I’m trying to replicate Akinci & Queralto (2019). The small model (for which log deviations from SS can be solved by hand) is OK, but when trying to replicate their medium scale model I keep on getting into trouble in the computation of the steady state. The static equations have some non-negligible residuals but not sure that is the problem. Any diagnostic tools I could use to detect problem?
Any help would be greatly appreciated.
Akinci_Queralto_medium_forum.mod (29.4 KB)
You could you use
It appears that:
MODEL_DIAGNOSTICS: The following endogenous variables aren’t present at the current period in the model:
Thanks a lot for checking this out Camilo.
I think that’s just convention (can time SDF as t or t+1), and should not matter in steady state anyways. Just in case I have tried switching the timing of those variables to “t” but still getting the same error in computation of steady state.
What I was hoping for is to try to get more info from Dynare of what’s failing in steady state as the error message is quite general; do you know of any way of getting at this?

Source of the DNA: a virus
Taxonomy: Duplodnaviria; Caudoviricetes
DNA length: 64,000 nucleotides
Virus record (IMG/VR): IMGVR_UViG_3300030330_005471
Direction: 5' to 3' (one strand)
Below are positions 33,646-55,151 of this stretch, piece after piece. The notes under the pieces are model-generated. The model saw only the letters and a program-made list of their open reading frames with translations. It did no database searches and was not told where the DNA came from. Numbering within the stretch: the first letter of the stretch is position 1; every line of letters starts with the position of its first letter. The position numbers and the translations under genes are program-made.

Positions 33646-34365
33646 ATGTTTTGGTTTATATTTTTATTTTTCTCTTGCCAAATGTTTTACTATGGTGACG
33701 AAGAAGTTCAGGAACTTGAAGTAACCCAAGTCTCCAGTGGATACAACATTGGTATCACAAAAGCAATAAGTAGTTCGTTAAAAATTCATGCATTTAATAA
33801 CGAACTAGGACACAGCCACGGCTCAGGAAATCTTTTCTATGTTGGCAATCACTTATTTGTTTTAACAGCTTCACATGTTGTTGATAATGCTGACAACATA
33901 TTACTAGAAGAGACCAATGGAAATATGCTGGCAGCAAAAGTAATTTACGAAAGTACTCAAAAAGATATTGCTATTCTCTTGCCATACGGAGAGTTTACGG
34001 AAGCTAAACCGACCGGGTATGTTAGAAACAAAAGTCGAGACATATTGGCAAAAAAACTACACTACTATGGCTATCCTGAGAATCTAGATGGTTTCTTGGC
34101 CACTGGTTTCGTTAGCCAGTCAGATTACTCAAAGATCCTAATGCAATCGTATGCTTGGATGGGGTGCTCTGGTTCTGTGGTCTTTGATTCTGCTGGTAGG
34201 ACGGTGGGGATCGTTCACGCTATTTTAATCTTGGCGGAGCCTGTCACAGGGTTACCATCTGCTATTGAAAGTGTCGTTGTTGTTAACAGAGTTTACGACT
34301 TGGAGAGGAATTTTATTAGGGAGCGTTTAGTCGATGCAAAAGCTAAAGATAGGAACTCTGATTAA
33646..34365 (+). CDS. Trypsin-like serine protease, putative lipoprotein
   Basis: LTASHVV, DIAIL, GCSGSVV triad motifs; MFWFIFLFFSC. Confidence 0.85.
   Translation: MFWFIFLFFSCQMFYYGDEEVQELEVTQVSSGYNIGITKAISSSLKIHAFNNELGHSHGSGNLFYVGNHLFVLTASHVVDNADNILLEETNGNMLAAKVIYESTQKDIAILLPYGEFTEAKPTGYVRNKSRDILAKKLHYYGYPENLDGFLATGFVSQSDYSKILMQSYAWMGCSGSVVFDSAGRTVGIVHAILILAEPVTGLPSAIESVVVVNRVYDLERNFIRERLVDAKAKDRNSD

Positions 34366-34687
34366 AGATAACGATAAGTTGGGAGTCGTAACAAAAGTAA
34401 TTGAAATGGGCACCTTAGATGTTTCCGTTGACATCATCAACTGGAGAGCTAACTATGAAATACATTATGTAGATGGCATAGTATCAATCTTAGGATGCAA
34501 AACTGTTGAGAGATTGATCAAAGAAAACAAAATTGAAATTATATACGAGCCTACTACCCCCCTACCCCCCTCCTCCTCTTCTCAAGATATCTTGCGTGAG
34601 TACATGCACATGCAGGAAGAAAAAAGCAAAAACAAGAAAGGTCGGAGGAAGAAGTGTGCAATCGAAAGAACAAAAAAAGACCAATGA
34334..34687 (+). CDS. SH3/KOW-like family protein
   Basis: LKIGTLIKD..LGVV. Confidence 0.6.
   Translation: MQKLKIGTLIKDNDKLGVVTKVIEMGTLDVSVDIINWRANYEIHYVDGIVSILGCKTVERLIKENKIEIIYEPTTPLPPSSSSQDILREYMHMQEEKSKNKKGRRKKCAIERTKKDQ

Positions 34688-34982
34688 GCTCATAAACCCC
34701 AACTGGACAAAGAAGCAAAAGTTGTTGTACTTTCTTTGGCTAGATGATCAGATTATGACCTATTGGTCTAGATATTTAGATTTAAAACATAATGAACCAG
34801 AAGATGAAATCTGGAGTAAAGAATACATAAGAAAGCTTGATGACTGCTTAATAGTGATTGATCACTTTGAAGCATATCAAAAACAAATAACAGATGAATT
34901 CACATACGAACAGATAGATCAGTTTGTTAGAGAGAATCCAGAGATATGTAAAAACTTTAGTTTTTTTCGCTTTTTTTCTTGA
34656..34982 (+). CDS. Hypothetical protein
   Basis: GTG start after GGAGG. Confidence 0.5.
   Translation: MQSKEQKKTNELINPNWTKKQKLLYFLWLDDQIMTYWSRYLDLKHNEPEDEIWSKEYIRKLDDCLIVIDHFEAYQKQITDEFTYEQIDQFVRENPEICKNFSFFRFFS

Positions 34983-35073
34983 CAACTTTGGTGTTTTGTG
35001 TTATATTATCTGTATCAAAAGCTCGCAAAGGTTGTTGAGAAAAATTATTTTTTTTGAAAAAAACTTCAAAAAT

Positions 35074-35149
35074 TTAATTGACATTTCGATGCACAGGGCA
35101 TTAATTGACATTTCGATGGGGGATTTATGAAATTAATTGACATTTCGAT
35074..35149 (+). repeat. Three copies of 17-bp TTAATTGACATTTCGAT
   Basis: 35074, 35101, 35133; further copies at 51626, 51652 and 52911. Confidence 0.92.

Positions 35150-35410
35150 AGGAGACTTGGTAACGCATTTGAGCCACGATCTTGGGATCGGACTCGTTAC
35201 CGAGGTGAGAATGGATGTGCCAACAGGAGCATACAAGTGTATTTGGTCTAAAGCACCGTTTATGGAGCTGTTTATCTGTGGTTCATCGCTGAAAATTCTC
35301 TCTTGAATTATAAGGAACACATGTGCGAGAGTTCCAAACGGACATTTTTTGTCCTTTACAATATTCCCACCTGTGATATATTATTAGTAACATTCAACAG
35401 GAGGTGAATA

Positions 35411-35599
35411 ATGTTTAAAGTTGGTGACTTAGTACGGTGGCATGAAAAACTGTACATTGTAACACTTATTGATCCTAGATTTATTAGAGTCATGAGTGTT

The error your model gives, using
steady(solve_algo=4,maxit=1000); , is the standard one:
Impossible to find the steady state. Either the model doesn't have a steady state, there are an
infinity of steady states, or the guess values are too far from the solution
Your equations have residuals and I do not have an apparent reason to believe there is “another problem” involved other than the guess of your steady state being incorrect. I would take action in three directions, all equally important for your model :
- Take care of timing.
- Start by checking equations with larger residuals, see if you can solve the issue with that equation, and sequentially move to other problematic equations with smaller residuals.
- Pay a lot of attention to exp() transformations.
Thanks again Camilo.
Agreed regarding issue with initial guess, just did not know how sensible dynare was to values that were a bit off.
I was proceeding as per your suggestion n2 (and have since corrected timing), but not sure what you mean by “pay a lot of attention to exp() transformations”?
It was more of a general suggestion , that can be broken down into two parts:
- It is always better to start work on the model without exp() substitution, find the correct steady state that makes the model work, and only then proceed to the exp() substitution.
- Your model is large and equations are long and complex, so when you debug you should check that you have been consistent throughout in your exp() substitution.
Yes, definitely. Thanks again for your time Camilo!